U.S. Blacklists Xiaomi, Oil Giant Cnooc in Late Anti-China Push

U.S. Blacklists Xiaomi, Oil Giant Cnooc in Late Anti-China Push

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Economy13 hours ago (Jan 14, 2021 06: 00PM ET)

© Reuters.  U.S. Blacklists Xiaomi, Oil Giant Cnooc in Late Anti-China Push© Reuters. U.S. Blacklists Xiaomi, Oil Giant Cnooc in Late Anti-China Push

(Bloomberg) — The Trump administration blacklisted Chinese smartphone manufacturer Xiaomi (OTC:) Corp. for its military links along with the country’s third-biggest oil company over its drilling in the South China Sea, part of a final push to ratchet up pressure on Beijing before President-elect Joe Biden takes office.

The Commerce Department’s move against China National Offshore Oil Corp., the nation’s main deepwater explorer, denies it access to U.S. technologies without specific permission. The announcement follows a December decision to blacklist more than 60 other Chinese companies.

And Xiaomi was one of nine firms added to the Defense Department’s list of Chinese military companies. Other firms include state-owned planemaker Commercial Aircraft Corp. of China Ltd., or Comac, which is central to China’s goal of creating a narrow-body plane that can compete with Boeing (NYSE:) Co. and Airbus SE (OTC:).

Under an executive order President Donald Trump signed in November, U.S. investors will have to unwind stakes in any company on the Defense Department list by next November. Keith Krach, the State Department’s undersecretary for economic growth, energy and the environment, told reporters Thursday that “ample warning has been given to the public about the material risks associated with investments” identified in Trump’s executive order.

Xiaomi surpassed Apple Inc (NASDAQ:). in smartphone sales in the third quarter, according to the International Data Corporation. It joined Hong Kong’s in September after grabbing market share from Huawei Technologies Co. as U.S. sanctions on Huawei deepened.

Cnooc is the smallest of China’s so-called big three state-owned oil majors after China National Petroleum Corp. and China Petrochemical Corp., also known as Sinopec (NYSE:). The company’s operations in the South China Sea have proved controversial with neighbors because China claims drilling rights in waters far from its borders, and within 200 miles of countries like Vietnam and the Philippines.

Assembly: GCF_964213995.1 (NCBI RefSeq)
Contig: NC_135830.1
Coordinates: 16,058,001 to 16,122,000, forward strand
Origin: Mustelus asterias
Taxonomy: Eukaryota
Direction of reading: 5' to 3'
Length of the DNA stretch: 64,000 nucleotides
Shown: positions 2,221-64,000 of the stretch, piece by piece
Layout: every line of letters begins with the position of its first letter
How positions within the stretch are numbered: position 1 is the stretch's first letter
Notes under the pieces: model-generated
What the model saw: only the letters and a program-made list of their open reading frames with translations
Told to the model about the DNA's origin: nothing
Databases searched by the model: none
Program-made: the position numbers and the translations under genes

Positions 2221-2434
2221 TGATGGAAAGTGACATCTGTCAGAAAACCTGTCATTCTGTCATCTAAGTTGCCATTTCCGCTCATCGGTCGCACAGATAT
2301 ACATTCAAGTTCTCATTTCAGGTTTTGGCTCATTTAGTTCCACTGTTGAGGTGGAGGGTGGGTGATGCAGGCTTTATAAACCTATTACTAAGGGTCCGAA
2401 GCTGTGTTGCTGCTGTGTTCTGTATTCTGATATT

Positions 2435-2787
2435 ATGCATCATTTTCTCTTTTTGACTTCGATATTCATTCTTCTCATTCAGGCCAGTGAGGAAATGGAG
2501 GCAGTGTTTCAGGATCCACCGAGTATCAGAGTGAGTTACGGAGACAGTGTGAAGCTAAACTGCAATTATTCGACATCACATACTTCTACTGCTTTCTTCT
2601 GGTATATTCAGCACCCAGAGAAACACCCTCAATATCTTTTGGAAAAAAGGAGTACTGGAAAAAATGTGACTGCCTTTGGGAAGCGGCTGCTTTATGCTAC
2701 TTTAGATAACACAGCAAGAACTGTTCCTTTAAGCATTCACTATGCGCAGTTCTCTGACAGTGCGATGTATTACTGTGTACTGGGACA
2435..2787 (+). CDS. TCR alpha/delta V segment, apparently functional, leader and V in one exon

“China’s reckless and belligerent actions in the South China Sea and its aggressive push to acquire sensitive intellectual property and technology for its militarization efforts are a threat to U.S. national security,” Commerce Secretary Wilbur Ross said in a statement. “CNOOC acts as a bully for the People’s Liberation Army to intimidate China’s neighbors, and the Chinese military continues to benefit from government civil-military fusion policies for malign purposes.”

It was not immediately clear why Cnooc had been added now after it was not included in earlier listings.

But the ban doesn’t apply to sales of hydrocarbons such as and also wouldn’t affect joint ventures between Cnooc and Western companies, a senior administration official, speaking on customary condition of anonymity, told reporters in a briefing Thursday.

Cnooc has been at the center of territorial disputes in the region since 2012, when it invited foreign drillers to explore blocks off Vietnam that Hanoi’s leaders had already awarded to companies including Exxon Mobil Corp (NYSE:). and OAO Gazprom (MCX:).

The Commerce Department also added Skyrizon to the military end-user list, saying it poses a threat to national security. Ross said the company’s push to acquire and “indigenize” foreign military technologies posed a significant threat to U.S. national security and foreign policy interests.

“This action serves to warn the export community of Skyrizon’s significant ties to the People’s Liberation Army,” Ross said.

(Uodates with senior official quote, in fourth paragraph.)

©2021 Bloomberg L.P.

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